City of Austin will stick with stage two water restrictions, maybe for good

The City of Austin will remain in stage two water restrictions even after the heavy rains this year and now Austin Water is suggesting the city adopt those restrictions permanently, regardless of lake levels or drought conditions.

"We're trying to learn lessons from the drought, learn lessons from history and be very cautious and keep as much water in those lakes as we can for our citizens,"  Daryl Slusher, assistant director of Environmental Affairs and Conservation.

After four long years of drought, the rain this year has replenished Lake Travis and Buchanan. So much so that lake levels and projections qualify the city to move down to stage one water restrictions, but don't expect that to happen.

"We could say, 'Oh it rained and so let's go back to stage one and the drought's over,' but we've seen it happen the other way too many times," said Slusher.

Austin water said people in the city have gotten comfortable with stage two restrictions, only watering their yards once a week.

"We have seen a lot of folks changing out their yards, putting in drought tolerant grass, drought tolerant plants and other landscapes and we would like to see that continue," Slusher said.

That's why Austin Water wants to make stage two restrictions permanent.

"We do recommend consideration of that, but we would want to have an extensive community involvement process before we would take a step like that," said Slusher.

Even though Austin has had a wet spring, the city doesn't want to risk having another dry lakebed.

"We've been in what we think is the most severe drought since the lakes were built and we want to be very conservative about going back to any stage that's going to use more water," said Slusher.

The city isn't only asking Austinites to live with less water. The Lower Colorado River Authority got an emergency order blocking the release of water to agricultural customers, most of which are rice farmers.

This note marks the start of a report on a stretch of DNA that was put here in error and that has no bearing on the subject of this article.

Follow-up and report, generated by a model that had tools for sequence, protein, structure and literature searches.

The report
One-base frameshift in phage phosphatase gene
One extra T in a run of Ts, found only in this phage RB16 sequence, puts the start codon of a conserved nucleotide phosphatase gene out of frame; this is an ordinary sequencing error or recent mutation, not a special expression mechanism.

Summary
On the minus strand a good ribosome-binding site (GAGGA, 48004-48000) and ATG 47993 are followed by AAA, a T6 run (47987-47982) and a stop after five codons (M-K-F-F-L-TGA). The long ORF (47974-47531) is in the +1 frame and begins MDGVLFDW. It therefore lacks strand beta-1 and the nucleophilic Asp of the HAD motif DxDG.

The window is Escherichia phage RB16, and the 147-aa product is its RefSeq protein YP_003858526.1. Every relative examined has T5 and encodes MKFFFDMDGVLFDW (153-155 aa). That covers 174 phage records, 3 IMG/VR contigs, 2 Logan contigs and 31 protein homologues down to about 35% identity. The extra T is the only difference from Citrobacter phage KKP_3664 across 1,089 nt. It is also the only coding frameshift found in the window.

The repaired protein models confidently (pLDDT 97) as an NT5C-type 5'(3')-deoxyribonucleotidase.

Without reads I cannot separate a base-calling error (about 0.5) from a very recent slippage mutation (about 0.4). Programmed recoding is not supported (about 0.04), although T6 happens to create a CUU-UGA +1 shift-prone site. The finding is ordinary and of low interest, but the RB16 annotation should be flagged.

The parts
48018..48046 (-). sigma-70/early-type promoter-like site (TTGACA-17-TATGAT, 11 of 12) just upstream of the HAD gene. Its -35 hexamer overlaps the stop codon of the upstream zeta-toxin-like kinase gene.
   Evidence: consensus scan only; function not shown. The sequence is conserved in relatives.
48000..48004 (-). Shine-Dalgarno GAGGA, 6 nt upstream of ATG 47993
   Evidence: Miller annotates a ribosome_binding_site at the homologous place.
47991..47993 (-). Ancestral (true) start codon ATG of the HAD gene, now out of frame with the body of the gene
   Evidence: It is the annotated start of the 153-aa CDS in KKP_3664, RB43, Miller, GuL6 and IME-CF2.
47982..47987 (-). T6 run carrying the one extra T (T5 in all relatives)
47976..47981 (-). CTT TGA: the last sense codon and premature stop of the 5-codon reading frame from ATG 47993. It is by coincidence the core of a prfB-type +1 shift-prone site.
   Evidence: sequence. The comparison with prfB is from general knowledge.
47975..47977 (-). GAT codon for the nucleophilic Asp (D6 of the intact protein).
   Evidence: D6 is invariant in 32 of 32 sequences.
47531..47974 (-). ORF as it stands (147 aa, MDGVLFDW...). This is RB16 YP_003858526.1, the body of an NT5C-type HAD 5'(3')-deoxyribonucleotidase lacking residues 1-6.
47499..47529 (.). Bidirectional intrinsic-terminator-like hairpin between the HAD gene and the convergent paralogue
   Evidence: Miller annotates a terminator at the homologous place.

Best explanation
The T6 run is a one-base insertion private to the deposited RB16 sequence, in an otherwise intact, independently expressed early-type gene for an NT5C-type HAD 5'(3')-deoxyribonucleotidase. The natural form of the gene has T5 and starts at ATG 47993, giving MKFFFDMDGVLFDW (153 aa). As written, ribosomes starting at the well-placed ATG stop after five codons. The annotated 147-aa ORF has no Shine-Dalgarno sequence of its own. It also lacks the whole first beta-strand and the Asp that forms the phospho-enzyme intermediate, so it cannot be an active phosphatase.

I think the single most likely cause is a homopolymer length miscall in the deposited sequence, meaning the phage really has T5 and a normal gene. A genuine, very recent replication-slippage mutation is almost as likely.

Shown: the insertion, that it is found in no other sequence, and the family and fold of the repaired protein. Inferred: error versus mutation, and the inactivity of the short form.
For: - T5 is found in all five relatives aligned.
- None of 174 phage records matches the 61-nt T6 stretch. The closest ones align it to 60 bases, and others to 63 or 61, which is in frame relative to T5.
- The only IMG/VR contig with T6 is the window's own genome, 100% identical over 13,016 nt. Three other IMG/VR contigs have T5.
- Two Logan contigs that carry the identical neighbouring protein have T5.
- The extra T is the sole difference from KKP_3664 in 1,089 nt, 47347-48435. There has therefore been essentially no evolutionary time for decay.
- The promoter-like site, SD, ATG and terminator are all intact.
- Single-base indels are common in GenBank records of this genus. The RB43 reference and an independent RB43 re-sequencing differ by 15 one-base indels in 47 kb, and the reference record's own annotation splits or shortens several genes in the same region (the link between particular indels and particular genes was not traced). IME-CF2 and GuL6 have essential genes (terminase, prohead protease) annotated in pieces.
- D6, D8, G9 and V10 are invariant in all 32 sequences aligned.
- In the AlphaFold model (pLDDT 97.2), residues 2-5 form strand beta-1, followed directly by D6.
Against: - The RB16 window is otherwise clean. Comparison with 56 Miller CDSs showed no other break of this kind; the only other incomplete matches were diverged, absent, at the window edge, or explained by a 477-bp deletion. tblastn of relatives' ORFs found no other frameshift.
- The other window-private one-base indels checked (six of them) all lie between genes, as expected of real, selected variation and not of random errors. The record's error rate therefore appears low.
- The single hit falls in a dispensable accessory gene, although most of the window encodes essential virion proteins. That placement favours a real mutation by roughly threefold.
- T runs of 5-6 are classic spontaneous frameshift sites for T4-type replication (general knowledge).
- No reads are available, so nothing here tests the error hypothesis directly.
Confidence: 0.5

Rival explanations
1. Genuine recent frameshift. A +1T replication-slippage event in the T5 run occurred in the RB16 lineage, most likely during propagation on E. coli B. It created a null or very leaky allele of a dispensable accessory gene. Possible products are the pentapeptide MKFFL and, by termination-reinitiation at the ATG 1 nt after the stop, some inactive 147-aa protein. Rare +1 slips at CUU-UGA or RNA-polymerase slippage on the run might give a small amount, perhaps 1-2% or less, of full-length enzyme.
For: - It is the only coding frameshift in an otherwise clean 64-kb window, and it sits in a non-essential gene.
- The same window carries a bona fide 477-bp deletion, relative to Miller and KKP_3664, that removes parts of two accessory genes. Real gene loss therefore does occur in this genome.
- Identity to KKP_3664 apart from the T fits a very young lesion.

"The rice farmers downstream historically use about three and a half times as much water in a year as the city of Austin does," Slusher said.

"It takes about 1,000 times as much water to produce the food that a person consumes in one day than it does to provide his or her essential drinking water needs," said Ronald Gertson, chair of the Colorado Water Issues Committee and a fourth generation rice producer.

The U.S. Rice Producers Association said they did not fight the emergency order this year because they don't need the water until planting season next year, but they don't want the LCRA to make a habit out of keeping the water to themselves when the lakes are above 70 percent full.

"If they're that level or higher and LCRA still does not want to deliver water to us then we're prepared to go to battle over that," Gertson said.

Gertson said while providing water to people in Austin is most important, providing food nationwide shouldn't fall far behind.

"If all we think about is drinking water eventually we're going to get really hungry," said Gertson.

The Public Utility Committee will look into adopting permanent stage two water restrictions in Austin. There will be a chance for the public to ask questions and speak about their concerns at that time.

You can read Ott's full memo here. (pdf)